Not Fleetwood Mac?

When is Fleetwood Mac not Fleetwood Mac?

When the rest of the band decides not to risk pissing off the devoted fans of Stevie Nicks and billing an album recorded without her as a “Fleetwood Mac” album.

Thus, the fine new disc Lindsey Buckingham/Christine McVie. When Christine rejoined the Mac after a lengthy hiatus, fans hoped that might lead to new music from the classic Rumours era line-up. And that appeared to be the plan. Until Stevie decided she’d had enough of the recording aspect of the music industry. With veteran acts seeing diminishing returns for their new songs, Nicks decided the risk/reward proposition didn’t favor holing up in the studio and went off on a solo tour instead.

But Lindsey and Christine had already worked up a bunch of songs, both individually and as collaborators. So rather than waste them, Fleetwood Mac Minus Stevie (the rhythm section of Mick Fleetwood and John McVie is on board) headed into the studio to do some recording.

The result is a fine album that would fit comfortably in Mac’s ’80s vintage output, snugly between Mirage and Tango in the Night. Nicks maintains an enduring popularity and is often viewed as the face of the band, but Lindsey and Christine soldier on just fine in her absence. And she didn’t quit, she just decided to focus on solo concerts and skip the recording process. The whole band is playing a couple shows together this summer and, ahem, rumours of a full tour keep percolating.

The dramatic interplay of Lindsey and Stevie always provided the band with a big chunk of the soap opera drama that’s a significant part of their appeal. But that dynamic tended to overshadow what effective partners Lindsey and Christine can be and this project gives that bond a chance to shine. Each is a good influence on the other: Christine is a positive, grounding influence on the often mercurial Lindsey, while Lindsey’s experimental bent prods Christine out of her comfort zone. That’s apparent on Lindsey Buckingham/Christine McVie. With Mick and John providing solid support, Lindsey and Christine assay an appealing song cycle, coming in at a lean ten cuts. If this collection doesn’t exactly scream “2017 Top 40,” there’s also no filler here. Both leads get a chance to do what each does best: Christine provides a couple of sunny pop gems and one undeniably gorgeous piano ballad that cuts into the complexities of relationships with an admirable directness. Lindsey crafts some next gen soundscapes that provide a backdrop for his wrestling a variety of ghosts and demons. But then he also gets to rip off some first rate guitar solos that show he hasn’t lost any of his rocker mojo. The back-up singers even turn in a solid simulation of Stevie’s trademark breathy harmonies, which will allow the wayward frontwoman to slip into these new songs without missing a beat when the band finally mounts a proper tour.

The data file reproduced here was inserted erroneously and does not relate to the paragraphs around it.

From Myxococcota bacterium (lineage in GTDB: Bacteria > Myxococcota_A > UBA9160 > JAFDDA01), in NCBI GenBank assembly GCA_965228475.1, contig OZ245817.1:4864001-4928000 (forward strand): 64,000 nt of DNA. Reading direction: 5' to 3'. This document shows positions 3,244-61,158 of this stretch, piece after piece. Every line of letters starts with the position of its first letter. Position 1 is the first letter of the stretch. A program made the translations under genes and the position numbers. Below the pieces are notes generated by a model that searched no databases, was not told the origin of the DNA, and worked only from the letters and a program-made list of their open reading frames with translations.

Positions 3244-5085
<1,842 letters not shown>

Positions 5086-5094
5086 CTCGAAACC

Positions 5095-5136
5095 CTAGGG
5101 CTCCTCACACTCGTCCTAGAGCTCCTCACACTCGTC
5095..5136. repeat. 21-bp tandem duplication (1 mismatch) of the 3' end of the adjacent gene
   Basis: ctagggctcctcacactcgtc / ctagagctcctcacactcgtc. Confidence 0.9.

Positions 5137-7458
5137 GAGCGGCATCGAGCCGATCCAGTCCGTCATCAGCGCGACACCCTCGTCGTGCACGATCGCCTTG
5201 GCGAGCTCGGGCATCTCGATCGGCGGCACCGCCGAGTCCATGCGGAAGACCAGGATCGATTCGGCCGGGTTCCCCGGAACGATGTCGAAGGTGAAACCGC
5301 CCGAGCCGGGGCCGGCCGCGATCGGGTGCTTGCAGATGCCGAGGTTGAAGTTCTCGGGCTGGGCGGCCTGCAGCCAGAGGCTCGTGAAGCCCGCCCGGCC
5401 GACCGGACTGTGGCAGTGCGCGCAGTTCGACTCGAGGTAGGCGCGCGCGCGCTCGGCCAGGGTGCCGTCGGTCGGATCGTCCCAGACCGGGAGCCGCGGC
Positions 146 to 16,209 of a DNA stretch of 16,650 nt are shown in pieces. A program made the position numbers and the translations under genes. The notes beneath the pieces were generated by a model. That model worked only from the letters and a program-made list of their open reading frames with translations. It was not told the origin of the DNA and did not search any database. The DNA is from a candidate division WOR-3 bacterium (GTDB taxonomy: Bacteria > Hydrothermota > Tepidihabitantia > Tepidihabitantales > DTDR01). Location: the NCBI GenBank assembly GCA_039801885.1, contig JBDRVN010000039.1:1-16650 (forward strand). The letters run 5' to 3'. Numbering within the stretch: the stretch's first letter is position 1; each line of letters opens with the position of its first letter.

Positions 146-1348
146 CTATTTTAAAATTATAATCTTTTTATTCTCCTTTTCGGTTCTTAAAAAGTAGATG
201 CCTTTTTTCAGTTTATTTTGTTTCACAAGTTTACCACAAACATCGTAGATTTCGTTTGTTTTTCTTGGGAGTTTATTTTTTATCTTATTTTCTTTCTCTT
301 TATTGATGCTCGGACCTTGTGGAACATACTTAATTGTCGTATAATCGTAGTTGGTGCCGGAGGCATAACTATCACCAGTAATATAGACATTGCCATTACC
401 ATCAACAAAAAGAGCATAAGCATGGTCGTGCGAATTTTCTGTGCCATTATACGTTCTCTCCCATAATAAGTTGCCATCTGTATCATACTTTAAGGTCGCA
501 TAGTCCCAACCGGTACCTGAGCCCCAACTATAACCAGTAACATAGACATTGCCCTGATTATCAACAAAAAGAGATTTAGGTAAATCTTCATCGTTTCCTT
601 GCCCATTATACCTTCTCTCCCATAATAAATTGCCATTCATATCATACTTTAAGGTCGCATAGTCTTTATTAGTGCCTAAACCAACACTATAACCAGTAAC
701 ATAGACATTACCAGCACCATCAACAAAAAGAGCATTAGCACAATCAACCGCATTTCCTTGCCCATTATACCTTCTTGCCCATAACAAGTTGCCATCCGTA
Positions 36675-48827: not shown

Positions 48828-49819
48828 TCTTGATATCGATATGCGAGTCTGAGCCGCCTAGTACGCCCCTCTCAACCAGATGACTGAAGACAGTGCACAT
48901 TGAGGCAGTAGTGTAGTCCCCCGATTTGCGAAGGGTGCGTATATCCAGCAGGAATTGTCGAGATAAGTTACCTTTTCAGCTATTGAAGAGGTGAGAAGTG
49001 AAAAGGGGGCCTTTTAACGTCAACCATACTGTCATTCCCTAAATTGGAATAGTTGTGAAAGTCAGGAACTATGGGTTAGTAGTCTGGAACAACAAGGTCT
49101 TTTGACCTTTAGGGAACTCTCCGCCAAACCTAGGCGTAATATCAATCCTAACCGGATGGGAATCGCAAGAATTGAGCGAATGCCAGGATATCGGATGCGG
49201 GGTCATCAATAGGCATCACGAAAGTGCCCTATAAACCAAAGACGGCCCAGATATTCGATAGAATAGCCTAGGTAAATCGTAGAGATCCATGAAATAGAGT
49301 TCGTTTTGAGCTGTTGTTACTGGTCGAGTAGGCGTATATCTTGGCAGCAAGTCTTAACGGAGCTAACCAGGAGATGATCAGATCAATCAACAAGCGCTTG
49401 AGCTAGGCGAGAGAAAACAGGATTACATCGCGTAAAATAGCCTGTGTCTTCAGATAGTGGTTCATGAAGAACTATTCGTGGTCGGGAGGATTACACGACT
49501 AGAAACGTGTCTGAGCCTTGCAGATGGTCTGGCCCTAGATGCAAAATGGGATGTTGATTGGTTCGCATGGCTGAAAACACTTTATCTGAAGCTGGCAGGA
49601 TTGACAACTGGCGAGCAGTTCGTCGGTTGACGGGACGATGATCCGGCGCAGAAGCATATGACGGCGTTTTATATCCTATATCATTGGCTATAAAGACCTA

Is Lindsey Buckingham/Christine McVie commercial in 2017? Hard to say. Devoted fans will surely want to check this out. With radio exposure unlikely to be extensive (Adult Alternative and Soft Rock have spun “In My World” a bit, but no other formats seem eager for it), massive sales aren’t likely.

But sometimes, it’s worth crafting a fine collection for its own sake.